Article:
Recruiting Maps for Cal, Tedford Era

Posted by: Avinash on Sunday, February 17th, 2008

After drawing conclusions about the entire Pac-10 recruiting efforts (and one of my commenters has provided a similar 2008 Big Ten map, kudos to him), it’s time to take a historical perspective of Coach Tedford’s impact on the program (labels: blue dot-2002, yellow dot-2003, blue pin-2004, yellow pin-2005, blue no dot-2006, yellow no dot-2007, sky blue-2008). If everything isn’t showing up correctly, click here and navigate accordingly.

Bay Area map

You’ll see that other than the first year (2002, coming off the Holmoe era) and the last (now), Cal’s presence in the Bay was fairly dominant. Throughout the middle, Cal was able to land JCs from the local community colleges (including The Hawk and Desmond Bishop), and gain the inside track on highly touted recruits like Jahvid Best and Marshawn Lynch. This year didn’t land any big local names, but we came out okay.

Los Angeles map

Yeah, this year sucked here. Almost inevitable that UCLA, ASU and USC would dominate this landscape. But you can see that in the past, whenever Cal makes a huge jump (2002 & 2004 in particular, 2006 less so), the result is big reapings from La-La land (DeSean, Stevens, Mebane, Hughes all landed at Cal during those years). However, we have an inordinate amount of talent from 2006 raring to go next year from the LA area, including corner Chris Conte. So hopefully that’ll offset this year’s losses and turn the ship around in SoCal.

Here’s what I found.

The I-5 California corridor still provides a steady influx, although the Bears have only exerted minimal influence on Sacramento (the three big recruits from the area–Worrell Williams, Syd’Quan Thompson, and James Montgomery–will fill big roles next year). You can see the inordinate numbers from Fresno–Tedford’s roots in action. Unfortunately those Fresno roots have insofar only produced Zack Follett as bona fide. But Aaron Rodgers also originated from the corridor, so that makes up for everything else.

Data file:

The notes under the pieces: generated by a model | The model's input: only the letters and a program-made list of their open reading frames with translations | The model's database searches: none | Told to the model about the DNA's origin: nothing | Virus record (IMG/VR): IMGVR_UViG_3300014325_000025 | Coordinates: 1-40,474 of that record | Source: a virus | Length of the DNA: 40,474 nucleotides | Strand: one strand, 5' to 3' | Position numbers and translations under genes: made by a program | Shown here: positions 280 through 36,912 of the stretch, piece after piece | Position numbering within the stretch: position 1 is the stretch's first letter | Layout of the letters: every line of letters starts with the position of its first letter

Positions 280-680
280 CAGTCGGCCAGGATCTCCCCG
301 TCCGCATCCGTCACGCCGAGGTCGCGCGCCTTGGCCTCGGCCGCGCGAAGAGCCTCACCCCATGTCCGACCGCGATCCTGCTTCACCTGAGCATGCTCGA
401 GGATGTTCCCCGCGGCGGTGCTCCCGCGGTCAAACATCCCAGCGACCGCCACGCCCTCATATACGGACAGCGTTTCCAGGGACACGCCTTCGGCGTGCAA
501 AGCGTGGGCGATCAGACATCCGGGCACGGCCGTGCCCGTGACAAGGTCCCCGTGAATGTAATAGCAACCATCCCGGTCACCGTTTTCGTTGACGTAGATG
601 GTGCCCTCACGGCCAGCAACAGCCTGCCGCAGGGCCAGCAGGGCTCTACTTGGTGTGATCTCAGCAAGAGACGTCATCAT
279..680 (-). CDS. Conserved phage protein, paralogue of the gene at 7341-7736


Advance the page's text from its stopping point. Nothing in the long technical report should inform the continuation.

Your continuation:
Cal had the biggest reach in 2007 when they came one win away from the Rose Bowl, nabbing recruits from New Jersey and Illinois. The reach is still substantial enough in 2008, leading us to believe Tedford’s national status remains fairly credible.

Despite the lesser amount of coveted four/five star recruits, Cal continues to find new places to expand. Phoenix, Houston and Kansas City provided the inroads for the new Golden Bear athletes of ’08. And the steady foothold Tedford is establishing in Texas (first Forsett, then Mansion, now Hill and Payne) could be a good sign for the long-term.

All in all, there’s a relative consistency between performance in the regular season and the subsequent star level of the coming offseason recruits; when the team sinks, so does the supposed guaranteed talent (like Joe Ayoob–yes, a five star). Most importantly, Cal would need to suffer several bad campaigns for the Bears to fall off the map in the Pac-10; the recruiting classes have been that deep the last several years, and you’d expect at least a return to form in 2008 (nothing terribly wrong with an eight-nine win season), if correlation between recruiting class and onfield performance holds up.

There are a few big high schools I’ve noticed that churned out great talent for the Bears–Crenshaw HS in LA provided Daymeion Hughes and Brendan Mebane, Hayward HS Robert Jordan and Phillip Mbakogu (a powerful force in 2005 before a knee injury derailed his career), Bernard Hicks and Robert Peele from Edison High as well. But it’s the continuing domination of the JCs (which provided Rulon Davis, Nuu Tafisi, Andrew Larson, Mickey Pimentel, Mike Gibson along with Bishop and Hawkins) that has provided the bulwark of talent Cal has needed. As long as Tedford can recruit well among the JCs, there should be relative stability in Strawberry Canyon.

As usual, I encourage blogs of other teams to try documenting the growth of their recruiting development. It’s a lot of fun, and not terribly difficult (only takes a few hours and can be finished in a week or so). You’ll probably learn a little bit about how recruiting on the macro scale certainly adds up.

Any differing or new thoughts on the state of Cal recruiting (plus spot the errors)? Provide your insight in the comments.

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